Site Menu

Additional Info


Pin Me

Great Family Board Games That Teach Preschool Math Concepts

written by: Elizabeth Wistrom • edited by: Amanda Grove • updated: 10/17/2014

Using board games to teach and reinforce early mathematical learning is a fun and easy way to ensure that your preschooler is ready to enter school. Below you will find a list of games that you can play at home with your child.

  • slide 1 of 4

    Promote Math Literacy Early for School Success

    A report issued by the National Research Council, a congressionally chartered branch of the National Academies of Science, School Preparedness “reiterates a point commonly made by early-childhood advocates: that mathematics is often neglected in prekindergarten settings, in contrast to the heavy focus placed on literacy." You can read Sean Cavanaugh's article about this on

    This trend is cause for concern, especially when you consider the compelling evidence, which indicates that exposure to certain kinds of games designed to promote preschool math concepts is a strong predictor of mathematical achievement later in life. (Byrnes and Wasik, Contemporary Educational Psychology, 2009.)

    What can we can you do as parents to ensure a child has a head-start on their own mathematical literacy? Simple--promote early learning by playing games children will naturally enjoy. Are you wondering which board games are most likely to benefit your child the most? Here are a few ideas to get you started.

  • slide 2 of 4

    Play and Learn

    Below is a list of suggested board games and the skills or preschool math concepts that can be learned by playing them. The ages provided have been suggested by the manufacturers and publishers. They are, however, designed to be merely a guide. You may find that a child is ready to play a game several years before the suggested age. As the parent or caregiver, you likely know the child's abilities better than anyone. Let his or her interest and motivation be the ultimate determining factor.

    Addition, Subtraction, Number Sense and Counting Skills

    • Chutes and Ladders (3+)
    • Candy Land (3+)
    • Connect Four (7+)
    • Hi Ho! Cherry-O (3+)
    • My Card Games - Math Rummy by Leap Frog (3+)
    • Sorry! (6+)
    • Cariboo (3+)
    • Trouble (5+)
    • Hungry Hungry Hippos (4+)
    • Uno (6+)
    • Disney DVD Bingo (4+)
    • War
    • Spot the Dots - Addition (6+)
    • Sum Swamp - Addition and Subtraction (5+)
    • Count and Seek Pet House (4+)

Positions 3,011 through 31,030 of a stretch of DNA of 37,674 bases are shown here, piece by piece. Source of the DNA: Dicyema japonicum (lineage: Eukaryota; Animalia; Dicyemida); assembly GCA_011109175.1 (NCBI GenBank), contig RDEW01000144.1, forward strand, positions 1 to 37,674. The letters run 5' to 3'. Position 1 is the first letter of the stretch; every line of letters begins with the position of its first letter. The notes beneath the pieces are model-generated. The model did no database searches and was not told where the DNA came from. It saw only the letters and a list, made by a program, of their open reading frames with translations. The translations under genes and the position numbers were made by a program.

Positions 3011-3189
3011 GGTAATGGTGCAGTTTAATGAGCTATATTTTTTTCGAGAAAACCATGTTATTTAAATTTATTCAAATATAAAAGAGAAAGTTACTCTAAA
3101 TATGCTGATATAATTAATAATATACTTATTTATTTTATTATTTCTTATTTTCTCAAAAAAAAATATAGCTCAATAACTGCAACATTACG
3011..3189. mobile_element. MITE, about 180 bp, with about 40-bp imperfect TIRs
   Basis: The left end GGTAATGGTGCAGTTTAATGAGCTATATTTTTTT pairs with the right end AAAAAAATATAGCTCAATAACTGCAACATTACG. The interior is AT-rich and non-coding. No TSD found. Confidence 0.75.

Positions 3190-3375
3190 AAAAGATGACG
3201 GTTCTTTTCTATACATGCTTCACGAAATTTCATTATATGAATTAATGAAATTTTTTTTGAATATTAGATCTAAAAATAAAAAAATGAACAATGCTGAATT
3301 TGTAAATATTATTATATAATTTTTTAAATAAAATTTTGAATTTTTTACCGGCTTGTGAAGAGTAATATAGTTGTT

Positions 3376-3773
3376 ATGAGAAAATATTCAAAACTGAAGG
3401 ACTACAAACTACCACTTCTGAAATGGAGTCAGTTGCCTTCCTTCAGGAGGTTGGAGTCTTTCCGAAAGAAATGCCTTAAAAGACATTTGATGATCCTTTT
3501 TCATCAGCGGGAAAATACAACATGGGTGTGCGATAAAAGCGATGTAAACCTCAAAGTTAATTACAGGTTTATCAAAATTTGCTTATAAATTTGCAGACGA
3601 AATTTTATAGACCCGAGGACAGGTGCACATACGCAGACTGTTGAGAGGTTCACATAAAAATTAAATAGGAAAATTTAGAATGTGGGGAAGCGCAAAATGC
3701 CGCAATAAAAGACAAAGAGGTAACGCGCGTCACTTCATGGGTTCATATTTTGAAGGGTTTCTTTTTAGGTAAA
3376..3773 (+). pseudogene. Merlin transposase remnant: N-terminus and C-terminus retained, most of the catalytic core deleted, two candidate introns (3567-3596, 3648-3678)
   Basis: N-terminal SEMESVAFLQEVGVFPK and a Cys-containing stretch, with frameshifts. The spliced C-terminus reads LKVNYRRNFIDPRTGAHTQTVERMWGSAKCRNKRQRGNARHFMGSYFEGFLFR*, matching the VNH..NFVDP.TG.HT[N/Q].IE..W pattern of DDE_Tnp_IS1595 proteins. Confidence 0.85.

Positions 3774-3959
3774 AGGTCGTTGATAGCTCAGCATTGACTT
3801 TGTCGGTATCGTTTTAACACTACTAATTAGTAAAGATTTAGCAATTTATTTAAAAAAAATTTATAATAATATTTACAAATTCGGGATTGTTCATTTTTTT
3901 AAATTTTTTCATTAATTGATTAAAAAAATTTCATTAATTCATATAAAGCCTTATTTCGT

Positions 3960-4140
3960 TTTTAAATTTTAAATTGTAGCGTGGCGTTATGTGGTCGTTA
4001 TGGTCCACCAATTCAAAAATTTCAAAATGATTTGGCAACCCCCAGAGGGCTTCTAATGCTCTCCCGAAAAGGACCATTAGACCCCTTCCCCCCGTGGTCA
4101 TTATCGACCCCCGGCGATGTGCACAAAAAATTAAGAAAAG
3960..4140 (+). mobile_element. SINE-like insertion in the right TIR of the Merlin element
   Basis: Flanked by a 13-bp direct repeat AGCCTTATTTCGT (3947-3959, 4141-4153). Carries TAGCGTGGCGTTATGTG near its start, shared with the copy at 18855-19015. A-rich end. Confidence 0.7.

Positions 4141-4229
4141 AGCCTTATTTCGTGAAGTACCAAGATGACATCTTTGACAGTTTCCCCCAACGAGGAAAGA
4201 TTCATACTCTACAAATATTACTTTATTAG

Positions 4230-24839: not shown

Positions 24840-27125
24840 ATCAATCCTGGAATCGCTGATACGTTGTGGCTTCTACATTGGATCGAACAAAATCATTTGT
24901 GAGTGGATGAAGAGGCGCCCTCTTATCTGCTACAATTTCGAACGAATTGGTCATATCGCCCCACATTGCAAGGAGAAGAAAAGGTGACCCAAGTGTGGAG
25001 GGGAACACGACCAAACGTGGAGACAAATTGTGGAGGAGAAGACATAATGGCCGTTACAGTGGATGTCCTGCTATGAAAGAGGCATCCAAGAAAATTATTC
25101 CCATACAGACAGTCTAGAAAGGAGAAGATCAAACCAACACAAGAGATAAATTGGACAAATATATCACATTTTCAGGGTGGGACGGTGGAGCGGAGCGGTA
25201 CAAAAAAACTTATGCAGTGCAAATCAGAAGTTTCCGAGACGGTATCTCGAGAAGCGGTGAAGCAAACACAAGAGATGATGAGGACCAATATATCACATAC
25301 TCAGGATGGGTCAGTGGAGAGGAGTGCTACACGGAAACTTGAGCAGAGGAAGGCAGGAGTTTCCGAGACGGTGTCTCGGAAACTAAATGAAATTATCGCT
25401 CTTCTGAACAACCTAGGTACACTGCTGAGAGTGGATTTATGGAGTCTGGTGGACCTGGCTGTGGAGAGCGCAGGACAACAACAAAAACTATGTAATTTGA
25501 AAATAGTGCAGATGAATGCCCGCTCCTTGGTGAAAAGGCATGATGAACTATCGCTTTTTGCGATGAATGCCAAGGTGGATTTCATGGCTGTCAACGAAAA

Patterns, Attributes, Shapes and Geometry

    • Crazy Eights (4+)
    • Guess Who? (6+)
    • Lucky Ducks (3+)
    • Cootie (3+)
    • Hullabaloo (4+)
    • Dominoes
    • Tanagrams
    • Jigsaw Puzzles

    Strategy, Reasoning, and Spacial Perception

    • Sequence, Jr. (3+)
    • Mousetrap (6+)
    • Cadoo (7+)
    • Clue Jr. (5+)
    • Jenga (6+)
    • Blokus (5+)
    • Mancala (6+)
    • Pretty Pretty Princess (5+)
    • Memory (3+)

    General Strategy Games

    • Chess
    • Backgammon
    • Checkers
    • Solitaire
    • Pokémon
  • slide 3 of 4

    The Benefits

    Besides improving school performance, there are many additional benefits to using these games at home with your child:

    • Games are fun to play! Games are easy and designed to entertain. Through games, the development of preschool math concepts can develop effortlessly.
    • Games are an alternative to drill sheets, flash cards and memorization exercises. Since repetition is an important component of learning, it is important that practice is provided through a variety of engaging methods.
    • Games allow children to make connections between learning concepts and understanding how they are applied in the real world.
    • Games provide motivation for mastery. Children like to win, and this desire to win gives them a reason for achieving mastery of a skill or concept.
  • slide 4 of 4

    Remember, when using games for teaching early math learning, it is important to make certain the instructions are simple and easy to follow. Play the game with your child. This way, you can be certain the game is not too hard or too easy for him or her. While some level of challenge is appropriate, you do not want your child to be frustrated. Finally, take the time to explain to him or her just why you are playing these games in a way that also promotes preschool math. For example, you might say, "I'm so glad we are playing Lucky Ducks together today! This will really help you learn to identify shapes (or colors)." By communicating the preschool math concepts and educational goals, you will help him or her make those real-world connections, and ultimately enable your child to be successful in learning!